skip to Main Content

Emergence of Micro-homes: Solution for the Homeless?

What Is a Micro-home?

Micro-homes, also known as prefabricated homes are houses that are typically under 500 square feet. They originated from Japan and became popular post WWII. Japan produces about 10,000 prefabricated homes each year. On the other hand, only 2% of new single family homes in the U.S. are micro-homes. However, we see this trend emerging because of new technology, affinity of minimalism, and more recently, the lack of affordable housing.

The Smaller the Better: Demand on the Rise

Because the demand for micro-homes has surfaced and technology has evolved, developers have incorporated high end features like luxurious appliances and sleek home designs. Micro-homes in Japan typically cost about $300,000 with these features. Interestingly, some of these homes don’t have any doors—this openness is for energy reasons, but it’s also to encourage social interaction, thus creating a stronger family bond.

Prefabs are great for minimalists and are cheaper than the average home. San Francisco recently has seen growth in demand for this market; back in 2014, ULI found that units smaller than 600 square feet had higher occupancy rates than larger units in the U.S. Additionally, developers are seeing a rise in demand for micro-homes in densely populated cities like Seattle and NYC. This can potentially solve the lack of housing issue! However, not all prefabs are affordable. Units in San Fran typically cost $3,500 a month, which is steep for such a small space.

Small Spaces As a Temporary Solution

In downtown LA, however, these homes can serve as a temporary solution for the homeless. KTGY Architecture and Aedis Real Estate Group are using shipping containers to build a complex of prefab units for the homeless. It will take about six months to build. Appliances will be in each of the 84 units, and Aedis plans to expand this idea to San Diego and Seattle.

The same thing is happening in Richmond, California. The city is working on securing a grant to lease 50 MicroPADS to single homeless adults permanently. Each unit will be furnished with a shower, kitchen, sofa, and closet. Austin, Texas is also working on a neighborhood of micro-homes called Community First! to solve homelessness. It’s a 10-year plan, and currently the city is trying to raise $60 million for the expansion.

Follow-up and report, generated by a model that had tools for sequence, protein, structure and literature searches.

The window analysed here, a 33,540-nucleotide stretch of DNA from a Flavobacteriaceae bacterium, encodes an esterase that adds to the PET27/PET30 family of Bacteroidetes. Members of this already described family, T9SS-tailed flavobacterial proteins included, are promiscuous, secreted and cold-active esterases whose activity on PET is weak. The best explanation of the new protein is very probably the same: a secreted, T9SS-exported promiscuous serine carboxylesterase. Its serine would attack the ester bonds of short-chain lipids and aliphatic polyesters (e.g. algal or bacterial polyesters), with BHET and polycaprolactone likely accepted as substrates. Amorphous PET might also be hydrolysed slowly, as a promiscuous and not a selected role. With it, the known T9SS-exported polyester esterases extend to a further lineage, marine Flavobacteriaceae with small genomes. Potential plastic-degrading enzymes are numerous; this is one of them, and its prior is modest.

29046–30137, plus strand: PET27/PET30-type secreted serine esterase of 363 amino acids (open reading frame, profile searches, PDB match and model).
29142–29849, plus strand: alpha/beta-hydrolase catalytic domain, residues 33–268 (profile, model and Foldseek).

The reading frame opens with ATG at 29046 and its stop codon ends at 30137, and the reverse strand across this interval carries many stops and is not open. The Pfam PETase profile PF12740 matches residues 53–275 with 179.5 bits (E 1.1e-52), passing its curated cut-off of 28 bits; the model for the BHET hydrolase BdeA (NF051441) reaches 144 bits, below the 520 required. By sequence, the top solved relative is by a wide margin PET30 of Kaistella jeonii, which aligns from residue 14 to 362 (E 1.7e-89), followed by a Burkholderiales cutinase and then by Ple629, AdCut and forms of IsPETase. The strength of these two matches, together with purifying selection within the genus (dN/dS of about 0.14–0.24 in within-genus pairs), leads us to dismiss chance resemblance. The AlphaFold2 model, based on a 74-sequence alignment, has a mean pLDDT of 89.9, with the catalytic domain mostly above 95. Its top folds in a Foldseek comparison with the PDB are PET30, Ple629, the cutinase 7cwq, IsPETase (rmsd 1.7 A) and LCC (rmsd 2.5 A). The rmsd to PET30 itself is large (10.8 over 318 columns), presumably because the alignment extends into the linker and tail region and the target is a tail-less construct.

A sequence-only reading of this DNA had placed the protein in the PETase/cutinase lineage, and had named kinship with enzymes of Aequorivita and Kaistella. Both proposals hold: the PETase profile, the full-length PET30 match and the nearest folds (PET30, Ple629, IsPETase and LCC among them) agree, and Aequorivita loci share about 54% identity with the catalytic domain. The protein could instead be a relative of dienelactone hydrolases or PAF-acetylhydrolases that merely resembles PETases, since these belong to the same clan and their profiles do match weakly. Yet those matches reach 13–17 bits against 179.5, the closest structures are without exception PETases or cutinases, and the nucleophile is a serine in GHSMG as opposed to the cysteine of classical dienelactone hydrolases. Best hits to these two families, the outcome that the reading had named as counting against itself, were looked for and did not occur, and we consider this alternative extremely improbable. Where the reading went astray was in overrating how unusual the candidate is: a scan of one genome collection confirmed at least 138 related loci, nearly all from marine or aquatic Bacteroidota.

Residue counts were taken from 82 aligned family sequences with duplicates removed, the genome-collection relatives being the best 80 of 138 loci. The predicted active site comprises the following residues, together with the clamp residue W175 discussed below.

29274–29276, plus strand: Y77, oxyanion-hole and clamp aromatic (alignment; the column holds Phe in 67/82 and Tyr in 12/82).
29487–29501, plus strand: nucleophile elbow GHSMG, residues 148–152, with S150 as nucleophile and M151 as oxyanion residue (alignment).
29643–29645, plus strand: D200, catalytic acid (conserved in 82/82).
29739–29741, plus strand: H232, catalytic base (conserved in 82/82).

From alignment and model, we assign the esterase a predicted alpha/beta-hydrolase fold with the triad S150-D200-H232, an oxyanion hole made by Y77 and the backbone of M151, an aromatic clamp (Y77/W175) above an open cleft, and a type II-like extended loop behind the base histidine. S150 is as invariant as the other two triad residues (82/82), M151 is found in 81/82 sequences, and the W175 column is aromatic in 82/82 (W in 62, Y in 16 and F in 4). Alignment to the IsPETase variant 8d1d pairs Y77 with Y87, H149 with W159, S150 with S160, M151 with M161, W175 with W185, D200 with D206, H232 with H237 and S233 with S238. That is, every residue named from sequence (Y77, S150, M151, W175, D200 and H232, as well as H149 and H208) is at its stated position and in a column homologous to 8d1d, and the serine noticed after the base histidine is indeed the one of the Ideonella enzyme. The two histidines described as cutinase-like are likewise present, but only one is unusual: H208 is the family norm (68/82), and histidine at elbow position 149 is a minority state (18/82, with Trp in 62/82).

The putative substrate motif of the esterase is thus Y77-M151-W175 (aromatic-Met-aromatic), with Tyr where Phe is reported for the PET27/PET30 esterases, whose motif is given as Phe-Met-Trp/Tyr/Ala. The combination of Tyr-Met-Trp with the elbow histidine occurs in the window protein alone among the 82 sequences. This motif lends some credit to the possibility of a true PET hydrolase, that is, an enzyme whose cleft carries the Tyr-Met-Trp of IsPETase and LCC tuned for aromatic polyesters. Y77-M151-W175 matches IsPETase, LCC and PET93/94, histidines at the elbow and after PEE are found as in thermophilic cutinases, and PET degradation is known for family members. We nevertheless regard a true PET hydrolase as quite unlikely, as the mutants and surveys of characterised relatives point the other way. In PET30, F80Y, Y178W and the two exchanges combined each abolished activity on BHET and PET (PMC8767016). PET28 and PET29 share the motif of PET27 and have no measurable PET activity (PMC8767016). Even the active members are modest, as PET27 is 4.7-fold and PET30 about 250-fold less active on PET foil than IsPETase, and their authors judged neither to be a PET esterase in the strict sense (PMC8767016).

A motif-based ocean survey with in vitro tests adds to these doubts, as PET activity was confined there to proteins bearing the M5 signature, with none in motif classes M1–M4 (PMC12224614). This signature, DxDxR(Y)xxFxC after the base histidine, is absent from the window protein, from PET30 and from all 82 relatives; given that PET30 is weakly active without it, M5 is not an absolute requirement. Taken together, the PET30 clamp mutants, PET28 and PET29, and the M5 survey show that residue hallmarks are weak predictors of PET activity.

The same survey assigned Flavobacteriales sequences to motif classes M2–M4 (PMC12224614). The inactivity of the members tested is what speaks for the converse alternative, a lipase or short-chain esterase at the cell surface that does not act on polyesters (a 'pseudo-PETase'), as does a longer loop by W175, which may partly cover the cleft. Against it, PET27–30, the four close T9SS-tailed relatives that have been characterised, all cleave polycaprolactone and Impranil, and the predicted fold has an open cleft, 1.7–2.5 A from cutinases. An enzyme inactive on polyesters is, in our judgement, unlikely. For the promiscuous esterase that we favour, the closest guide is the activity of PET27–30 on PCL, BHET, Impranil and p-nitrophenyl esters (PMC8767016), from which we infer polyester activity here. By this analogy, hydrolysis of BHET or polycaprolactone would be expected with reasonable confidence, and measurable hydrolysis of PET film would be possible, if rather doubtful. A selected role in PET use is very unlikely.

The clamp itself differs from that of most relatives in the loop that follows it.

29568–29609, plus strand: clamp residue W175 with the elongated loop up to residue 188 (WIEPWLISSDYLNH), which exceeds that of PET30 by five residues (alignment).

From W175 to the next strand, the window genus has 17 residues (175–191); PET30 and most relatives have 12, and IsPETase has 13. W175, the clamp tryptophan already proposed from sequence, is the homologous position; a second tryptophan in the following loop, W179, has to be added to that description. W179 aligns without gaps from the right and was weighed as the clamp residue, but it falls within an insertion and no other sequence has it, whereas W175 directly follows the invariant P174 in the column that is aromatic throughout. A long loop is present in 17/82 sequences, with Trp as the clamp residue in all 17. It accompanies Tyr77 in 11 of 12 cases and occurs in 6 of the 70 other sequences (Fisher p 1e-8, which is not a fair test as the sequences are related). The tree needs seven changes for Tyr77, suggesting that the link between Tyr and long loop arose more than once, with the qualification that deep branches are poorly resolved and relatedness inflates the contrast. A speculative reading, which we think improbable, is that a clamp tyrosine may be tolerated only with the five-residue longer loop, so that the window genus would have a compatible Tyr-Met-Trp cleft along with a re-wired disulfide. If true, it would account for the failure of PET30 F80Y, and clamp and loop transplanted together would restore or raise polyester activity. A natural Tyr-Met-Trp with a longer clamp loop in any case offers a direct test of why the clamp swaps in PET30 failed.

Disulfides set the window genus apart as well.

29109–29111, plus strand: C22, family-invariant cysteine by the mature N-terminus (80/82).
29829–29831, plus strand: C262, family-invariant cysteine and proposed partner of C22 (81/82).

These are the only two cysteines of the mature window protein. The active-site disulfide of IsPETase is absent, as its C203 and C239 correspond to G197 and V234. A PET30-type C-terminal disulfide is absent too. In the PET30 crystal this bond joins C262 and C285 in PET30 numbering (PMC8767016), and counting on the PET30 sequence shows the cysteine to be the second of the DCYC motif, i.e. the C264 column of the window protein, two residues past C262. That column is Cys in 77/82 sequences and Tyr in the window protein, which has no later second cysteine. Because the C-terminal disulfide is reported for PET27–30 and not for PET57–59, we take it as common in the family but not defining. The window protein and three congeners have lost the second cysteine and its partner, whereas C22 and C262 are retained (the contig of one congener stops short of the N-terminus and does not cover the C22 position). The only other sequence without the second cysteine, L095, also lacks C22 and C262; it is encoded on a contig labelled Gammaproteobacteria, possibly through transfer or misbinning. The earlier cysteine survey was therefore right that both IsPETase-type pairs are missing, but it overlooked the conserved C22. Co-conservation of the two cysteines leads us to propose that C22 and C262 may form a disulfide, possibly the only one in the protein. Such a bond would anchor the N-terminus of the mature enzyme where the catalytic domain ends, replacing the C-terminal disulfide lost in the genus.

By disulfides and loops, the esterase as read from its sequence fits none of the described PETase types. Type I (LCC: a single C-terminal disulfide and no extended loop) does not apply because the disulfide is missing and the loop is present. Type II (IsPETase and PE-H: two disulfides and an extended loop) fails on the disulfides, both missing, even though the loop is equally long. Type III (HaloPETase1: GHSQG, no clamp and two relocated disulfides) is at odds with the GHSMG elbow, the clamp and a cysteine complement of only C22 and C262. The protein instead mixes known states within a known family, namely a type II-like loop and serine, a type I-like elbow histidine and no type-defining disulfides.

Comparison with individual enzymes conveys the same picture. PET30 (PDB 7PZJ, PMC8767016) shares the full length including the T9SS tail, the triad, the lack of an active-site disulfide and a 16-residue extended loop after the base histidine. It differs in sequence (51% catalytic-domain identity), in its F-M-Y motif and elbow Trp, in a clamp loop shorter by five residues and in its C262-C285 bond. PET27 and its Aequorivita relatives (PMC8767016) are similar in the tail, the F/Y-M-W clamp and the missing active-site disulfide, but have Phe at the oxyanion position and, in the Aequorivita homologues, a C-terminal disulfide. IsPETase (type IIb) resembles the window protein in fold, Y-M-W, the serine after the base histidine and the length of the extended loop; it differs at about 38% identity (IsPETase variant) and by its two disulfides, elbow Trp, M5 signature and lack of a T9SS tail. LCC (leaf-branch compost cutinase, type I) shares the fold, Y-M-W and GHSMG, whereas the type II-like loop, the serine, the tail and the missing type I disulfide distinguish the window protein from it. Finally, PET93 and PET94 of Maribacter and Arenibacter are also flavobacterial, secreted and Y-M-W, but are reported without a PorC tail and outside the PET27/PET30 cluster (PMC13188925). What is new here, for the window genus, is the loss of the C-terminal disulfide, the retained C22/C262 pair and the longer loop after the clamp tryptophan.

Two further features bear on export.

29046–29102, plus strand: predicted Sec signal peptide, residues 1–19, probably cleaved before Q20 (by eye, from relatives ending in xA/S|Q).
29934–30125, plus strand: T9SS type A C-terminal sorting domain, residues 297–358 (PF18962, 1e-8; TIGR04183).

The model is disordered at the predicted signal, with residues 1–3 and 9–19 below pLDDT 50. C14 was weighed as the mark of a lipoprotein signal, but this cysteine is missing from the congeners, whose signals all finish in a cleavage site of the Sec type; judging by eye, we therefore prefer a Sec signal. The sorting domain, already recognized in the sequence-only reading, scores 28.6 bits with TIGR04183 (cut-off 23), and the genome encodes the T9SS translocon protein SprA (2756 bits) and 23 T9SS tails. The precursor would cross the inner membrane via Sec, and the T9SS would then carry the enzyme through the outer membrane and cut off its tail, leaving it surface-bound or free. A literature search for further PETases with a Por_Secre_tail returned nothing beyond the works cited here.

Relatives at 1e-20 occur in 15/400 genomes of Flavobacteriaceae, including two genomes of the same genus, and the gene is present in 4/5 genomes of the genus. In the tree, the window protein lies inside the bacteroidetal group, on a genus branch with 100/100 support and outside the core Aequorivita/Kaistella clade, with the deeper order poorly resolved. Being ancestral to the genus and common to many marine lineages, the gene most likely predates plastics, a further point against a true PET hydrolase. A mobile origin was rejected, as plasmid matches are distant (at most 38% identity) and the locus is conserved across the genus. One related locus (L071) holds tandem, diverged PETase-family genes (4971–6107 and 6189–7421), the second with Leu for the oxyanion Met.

Smaller cities like Phoenix Arizona unfortunately will not see a lot of growth in prefabs. Minimalist housing are not prevalent in cities like Phoenix because of current housing options. In addition, there’s not much space in smaller regions. Developers in this area also would likely have to pay more per square foot to build them, despite the overall low cost of micro-homes.

Not Always a Win-Win for Developers & Landlords

Developer Patrick Kennedy of Panoramic Interests has built several micro-homes in the Berkeley area. However, zoning regulations is a big challenge many developers face when building micro-homes. Kennedy couldn’t build more of these units due to regulations, despite the rise in demand. Developers also sometimes have to provide public facilities and infrastructure to build and support micro-housing. In Seattle, inclusionary zoning can force developers to create low-cost units in affluent areas. This causes landlords to jack up the rent. Thus, some tenants skip on rent because they have no choice.

Smaller cities like Phoenix, Arizona do not see much growth in prefabs. Minimalist housing won’t become mainstream enough for cities like Phoenix because of the current housing options, as well as the lack of space. Developers in this area also would likely have to pay more per square foot to build them, despite the overall low cost of micro-homes.

Although micro-housing can temporarily solve the issue of affordable housing, will they become mainstream across the U.S.? Despite demand surfacing in densely populated cities, micro-homes may remain a trend rather than a sustainable solution.

 

Back To Top